August is National Breastfeeding Month and World Breastfeeding Week is recognized August 1-7. Also, Governor Whitmer has officially named August 25-31 Black Breastfeeding Week. These two weeks offer the perfect time to recognize the benefits of breastfeeding for your baby, your health, your environment, and your wallet.
The World Alliance of Breastfeeding Action (WABA) explains that breastfeeding promotes the growth and development of children. It provides not only the best possible nutrition, but also protects children against diseases and assures their care. Exclusive breastfeeding without other foods or fluids for the first 4 to 6 months of life is the best start for all babies.
Advantages of breastfeeding for your baby:
- Provides all nutrients for physical and mental development
- Confers a healthy immunity by anti infective constituents in colostrum and breastmilk which helps build the infant’s immune system
- Prevents infections caused by germs that contaminate artificial feeding bottles and teats
- Reduces the risk of developing obesity and allergies
Along with the fulfillment and emotional connection you experience when providing your baby the best possible nourishment during their first months of life, there are several health benefits to breastfeeding.
Advantages of breastfeeding for your health:
- Helps mothers recover from childbirth more quickly
- Reduces fertility by delaying returned ovulation after birth resulting in wider child spacing and safer childbearing
- Reduces the risk of ovarian and breast cancer, type 2 diabetes, rheumatoid arthritis, and cardiovascular disease
- Releases two beneficial hormones: Prolactin that allows you to relax by producing a sensation of peace and nurturing; and Oxytocin that enhances the sense of love and attachment you feel when you and your baby are connected through breastfeeding.
WABA explains that breastmilk is the most ecologically sound food available to humans. It is produced and delivered to the consumer without any pollution. It is a natural resource of enormous value and has only positive effects on the environment.
Advantages of breastfeeding on your environment:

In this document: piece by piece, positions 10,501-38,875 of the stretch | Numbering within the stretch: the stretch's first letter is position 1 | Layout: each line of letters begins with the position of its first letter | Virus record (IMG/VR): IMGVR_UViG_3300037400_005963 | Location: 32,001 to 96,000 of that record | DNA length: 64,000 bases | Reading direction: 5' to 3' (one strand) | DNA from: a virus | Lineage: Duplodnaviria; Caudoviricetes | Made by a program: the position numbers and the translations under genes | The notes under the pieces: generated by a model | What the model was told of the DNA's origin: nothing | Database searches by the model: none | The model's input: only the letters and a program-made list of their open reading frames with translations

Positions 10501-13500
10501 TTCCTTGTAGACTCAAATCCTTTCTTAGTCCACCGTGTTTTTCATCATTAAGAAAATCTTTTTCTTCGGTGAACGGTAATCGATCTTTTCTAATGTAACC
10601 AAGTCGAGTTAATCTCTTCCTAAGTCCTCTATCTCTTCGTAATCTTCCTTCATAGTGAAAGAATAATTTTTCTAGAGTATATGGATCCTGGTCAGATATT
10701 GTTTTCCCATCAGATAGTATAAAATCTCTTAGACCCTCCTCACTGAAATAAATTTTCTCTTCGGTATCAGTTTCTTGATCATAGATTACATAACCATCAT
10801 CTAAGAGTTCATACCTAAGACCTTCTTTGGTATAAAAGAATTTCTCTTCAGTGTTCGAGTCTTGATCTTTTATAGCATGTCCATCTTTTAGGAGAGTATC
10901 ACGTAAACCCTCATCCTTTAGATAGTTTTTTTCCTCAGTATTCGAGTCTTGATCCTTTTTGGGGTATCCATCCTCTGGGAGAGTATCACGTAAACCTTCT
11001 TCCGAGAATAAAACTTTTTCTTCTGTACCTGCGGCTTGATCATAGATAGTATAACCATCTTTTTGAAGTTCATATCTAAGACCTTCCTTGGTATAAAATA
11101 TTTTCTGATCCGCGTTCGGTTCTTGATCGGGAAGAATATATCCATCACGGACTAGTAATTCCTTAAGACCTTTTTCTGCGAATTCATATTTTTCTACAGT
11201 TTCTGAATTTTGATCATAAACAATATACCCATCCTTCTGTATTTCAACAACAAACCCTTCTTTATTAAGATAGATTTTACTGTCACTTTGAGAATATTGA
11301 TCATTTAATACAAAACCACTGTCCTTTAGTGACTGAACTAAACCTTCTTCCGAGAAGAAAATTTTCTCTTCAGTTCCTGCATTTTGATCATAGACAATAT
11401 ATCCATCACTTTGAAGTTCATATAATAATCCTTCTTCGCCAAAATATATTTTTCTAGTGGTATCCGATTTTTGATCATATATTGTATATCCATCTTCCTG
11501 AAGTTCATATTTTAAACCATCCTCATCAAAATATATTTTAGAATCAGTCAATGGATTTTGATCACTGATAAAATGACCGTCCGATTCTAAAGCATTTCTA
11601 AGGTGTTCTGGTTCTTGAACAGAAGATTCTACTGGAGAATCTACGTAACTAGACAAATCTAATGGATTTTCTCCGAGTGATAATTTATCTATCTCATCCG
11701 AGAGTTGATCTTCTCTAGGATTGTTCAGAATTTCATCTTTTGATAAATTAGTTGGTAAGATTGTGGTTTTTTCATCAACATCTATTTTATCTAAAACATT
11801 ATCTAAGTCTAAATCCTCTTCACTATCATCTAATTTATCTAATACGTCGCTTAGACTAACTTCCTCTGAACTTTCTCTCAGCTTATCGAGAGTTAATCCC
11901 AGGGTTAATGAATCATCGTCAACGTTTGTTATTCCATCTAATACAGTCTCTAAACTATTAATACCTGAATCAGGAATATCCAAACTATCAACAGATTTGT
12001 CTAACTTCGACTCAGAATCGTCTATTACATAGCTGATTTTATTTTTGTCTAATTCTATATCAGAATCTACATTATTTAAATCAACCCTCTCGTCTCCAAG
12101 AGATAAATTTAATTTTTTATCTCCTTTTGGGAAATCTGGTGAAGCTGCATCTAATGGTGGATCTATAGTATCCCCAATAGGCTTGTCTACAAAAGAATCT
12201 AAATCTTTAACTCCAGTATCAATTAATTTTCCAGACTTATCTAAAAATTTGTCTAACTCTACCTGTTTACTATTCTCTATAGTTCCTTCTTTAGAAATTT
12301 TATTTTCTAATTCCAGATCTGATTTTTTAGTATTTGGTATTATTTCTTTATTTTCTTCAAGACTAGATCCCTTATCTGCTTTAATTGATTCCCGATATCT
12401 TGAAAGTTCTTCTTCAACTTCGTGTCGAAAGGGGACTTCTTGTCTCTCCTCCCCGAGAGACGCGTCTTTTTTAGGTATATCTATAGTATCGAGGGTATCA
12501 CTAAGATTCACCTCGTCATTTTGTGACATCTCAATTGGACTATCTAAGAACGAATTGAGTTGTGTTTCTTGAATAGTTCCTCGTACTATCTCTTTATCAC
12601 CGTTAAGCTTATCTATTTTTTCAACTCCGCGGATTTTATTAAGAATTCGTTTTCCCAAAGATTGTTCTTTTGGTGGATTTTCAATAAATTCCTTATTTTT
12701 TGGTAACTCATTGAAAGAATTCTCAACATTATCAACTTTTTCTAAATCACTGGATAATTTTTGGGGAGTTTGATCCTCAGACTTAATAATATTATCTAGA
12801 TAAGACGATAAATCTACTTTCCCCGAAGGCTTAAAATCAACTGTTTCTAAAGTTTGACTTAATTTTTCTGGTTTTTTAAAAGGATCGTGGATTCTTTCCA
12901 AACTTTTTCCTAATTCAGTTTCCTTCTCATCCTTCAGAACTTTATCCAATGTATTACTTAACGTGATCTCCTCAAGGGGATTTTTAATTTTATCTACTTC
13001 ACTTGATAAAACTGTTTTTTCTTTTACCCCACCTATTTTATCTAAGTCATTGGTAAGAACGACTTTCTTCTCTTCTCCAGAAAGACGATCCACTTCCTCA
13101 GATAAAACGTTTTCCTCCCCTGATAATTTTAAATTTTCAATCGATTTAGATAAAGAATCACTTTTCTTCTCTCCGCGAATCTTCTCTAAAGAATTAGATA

- Breastmilk produces no waste: it is produced in the right amounts for the baby’s needs. Mothers need only the smallest amount of extra energy, which is often taken from body fat (even malnourished mothers can produce enough quality breastmilk to feed a baby).
- Breastmilk needs no extra packaging.
- Breastmilk does not have to be shipped around the world (but a mother has a ready supply wherever she goes).
- Most women do not menstruate when breastfeeding and therefore need fewer towels, tampons or cloths. This reduces the need for fibers, bleaching, packaging and disposal.
Breastfeeding saves money. Period. And your wallet will thank you.
Advantages of breastfeeding on your wallet:
- Breastmilk is FREE. It is estimated that the cost of formula during the first year of baby’s life is up to $3,000 retail. That doesn’t include bottles, nipples, and fuel to go to and from the store.
- Breastfed babies are healthier, saving families time and money spent on doctor visits and medicines.
- Moms that breastfeed lose weight faster, lowering health risks caused by obesity, which helps save on medical costs.
- Breastfeeding equipment, such as breast pumps and milk storage bags, can be purchased with pre-tax dollars from flexible spending accounts (FSA), or are tax deductible for women without an FSA so long as their out-of-pocket medical costs for the year exceed 10 percent of their income (often the case in the first year baby is born).
District Health Department #10, through our Women, Infants, and Children (WIC) program, offers a host of breastfeeding education and support, including:
- Breastfeeding Peer Counselors
Certified Lactation Specialists (CLS)
Internationally Board Certified Lactation Counselors (IBCLC)
Assistance with breast pumps and parts, including proper fitting of breast pump shields
Prenatal breastfeeding education, both one-on-one and classes
Postpartum breastfeeding support, including latching issues, breast/nipple discomfort, and supply issues
Nutrition support for breastfeeding mothers
Monthly breastfeeding support groups, open to the community, not only WIC participants
Give us a call at 888-217-3904 to connect with the WIC office in your area.